Teaching Self-Storage Managers to Use and Appreciate Facility-Management Software
|Copyright 2014 by Virgo Publishing.|
|By: Shaina Cossairt|
|Posted on: 03/24/2010|
For a self-storage owner, the decision to hire a new facility manager is the first step of a time-consuming process that involves placing ads, reviewing resumes and conducting interviews. Once a person has been chosen, the arduous task of training him to operate your facility begins. This is where quality management software stops wasting your time and starts saving it.
When evaluating self-storage software, the best way to start is by looking at the help tools your software provides. Even the most basic package should include help files pertinent to whatever screen you’re viewing.
For example, if your manager is attempting to take a payment, he should be able to click a help button and see relevant topics based on that screen. If he needs to link two units together, he should have access to a feature that will walk him through the process. More sophisticated software may even include video training throughout the program. This is a great tool that simplifies any operational procedure.
Though help menus and videos are useful when performing tasks that are new, what’s more important is the intuitiveness of the program. The layout should be simple and easy to understand for even the less computer-savvy manager. Think about the most common tasks a typical manager performs throughout the day—tenant move-ins and move-outs and taking payments. How difficult are those functions in your software? If your new manager can’t process a payment in just a few mouse clicks, you need to step back and evaluate your program.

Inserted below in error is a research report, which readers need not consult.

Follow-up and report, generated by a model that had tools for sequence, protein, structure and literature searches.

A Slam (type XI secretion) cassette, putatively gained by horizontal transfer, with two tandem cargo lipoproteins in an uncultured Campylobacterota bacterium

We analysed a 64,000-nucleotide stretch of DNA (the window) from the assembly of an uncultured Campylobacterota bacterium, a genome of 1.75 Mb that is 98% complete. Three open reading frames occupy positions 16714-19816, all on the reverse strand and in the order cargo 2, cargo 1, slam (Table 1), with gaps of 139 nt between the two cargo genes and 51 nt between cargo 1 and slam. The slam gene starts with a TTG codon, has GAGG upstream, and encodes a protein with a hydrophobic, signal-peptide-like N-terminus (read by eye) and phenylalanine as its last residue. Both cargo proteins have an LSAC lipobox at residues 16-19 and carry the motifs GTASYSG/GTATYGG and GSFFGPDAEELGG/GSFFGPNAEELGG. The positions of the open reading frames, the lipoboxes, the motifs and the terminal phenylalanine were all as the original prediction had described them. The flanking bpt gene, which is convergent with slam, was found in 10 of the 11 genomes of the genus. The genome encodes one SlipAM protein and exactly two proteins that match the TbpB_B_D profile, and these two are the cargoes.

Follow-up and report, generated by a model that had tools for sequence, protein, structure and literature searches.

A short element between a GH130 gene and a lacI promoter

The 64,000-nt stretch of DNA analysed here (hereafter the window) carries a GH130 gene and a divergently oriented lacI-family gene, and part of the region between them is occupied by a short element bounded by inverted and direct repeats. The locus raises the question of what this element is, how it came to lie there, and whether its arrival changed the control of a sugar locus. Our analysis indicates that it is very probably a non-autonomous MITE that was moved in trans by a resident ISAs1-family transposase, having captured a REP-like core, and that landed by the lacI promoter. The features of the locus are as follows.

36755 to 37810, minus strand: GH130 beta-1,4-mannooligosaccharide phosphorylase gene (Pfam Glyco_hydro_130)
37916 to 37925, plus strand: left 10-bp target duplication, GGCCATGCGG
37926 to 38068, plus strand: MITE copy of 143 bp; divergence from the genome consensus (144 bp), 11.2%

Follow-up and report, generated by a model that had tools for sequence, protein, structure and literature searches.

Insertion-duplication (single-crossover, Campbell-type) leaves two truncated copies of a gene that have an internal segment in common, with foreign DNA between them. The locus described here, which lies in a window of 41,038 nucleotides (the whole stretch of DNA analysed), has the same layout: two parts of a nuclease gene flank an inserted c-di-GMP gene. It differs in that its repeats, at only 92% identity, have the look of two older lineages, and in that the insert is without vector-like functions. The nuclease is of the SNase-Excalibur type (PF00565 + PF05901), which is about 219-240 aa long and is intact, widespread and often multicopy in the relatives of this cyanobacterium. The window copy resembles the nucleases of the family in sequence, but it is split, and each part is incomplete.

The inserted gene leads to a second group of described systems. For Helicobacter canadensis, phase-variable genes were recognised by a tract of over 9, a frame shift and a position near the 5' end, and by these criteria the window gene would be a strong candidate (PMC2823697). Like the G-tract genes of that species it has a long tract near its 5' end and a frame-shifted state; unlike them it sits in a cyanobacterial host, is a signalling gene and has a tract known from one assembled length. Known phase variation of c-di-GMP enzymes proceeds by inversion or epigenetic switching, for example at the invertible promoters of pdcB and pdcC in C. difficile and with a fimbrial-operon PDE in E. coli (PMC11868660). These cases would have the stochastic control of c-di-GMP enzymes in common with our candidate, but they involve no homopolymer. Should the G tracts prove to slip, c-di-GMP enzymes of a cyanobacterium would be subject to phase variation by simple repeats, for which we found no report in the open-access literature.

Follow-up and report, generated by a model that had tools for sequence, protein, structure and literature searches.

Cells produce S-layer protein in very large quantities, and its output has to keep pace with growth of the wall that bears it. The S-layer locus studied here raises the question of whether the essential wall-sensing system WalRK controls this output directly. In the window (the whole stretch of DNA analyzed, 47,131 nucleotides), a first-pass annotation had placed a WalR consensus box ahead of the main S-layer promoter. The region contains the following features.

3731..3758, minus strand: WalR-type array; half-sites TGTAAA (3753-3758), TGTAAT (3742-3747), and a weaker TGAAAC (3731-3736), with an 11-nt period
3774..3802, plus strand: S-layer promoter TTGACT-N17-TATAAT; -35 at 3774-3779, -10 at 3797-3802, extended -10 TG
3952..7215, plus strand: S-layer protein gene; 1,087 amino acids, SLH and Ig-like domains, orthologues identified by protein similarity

Some software packages include a feature most owners find invaluable when training new managers. It may go by a different name depending on the product, but most programs have what’s referred to as “training mode.” In this mode, managers can practice move-ins, take payments, run reports, make bank deposits, or practice other tasks relevant to the running of a facility.
The training aspect of the program uses the same interface and features as the program itself, but using a “dummy” set of tenants for training purposes. Once the training mode is closed by one user, the data is reset and ready to go for the next training session. This feature alone can save countless hours in frustration for you and your new manager.
As an owner, you’ll have access to every feature and function in your software, but do you really want your manager to have free reign too? Perhaps he doesn’t need access to certain reports or functions. Before you begin training, understand how your software restricts different levels of users. Except for the most basic programs, all software should offer some form of setup that allows you to pick the features or functions a user can access. Higher-end software will allow you to use and set up templates for various positions, such as manager, relief manager or area manager.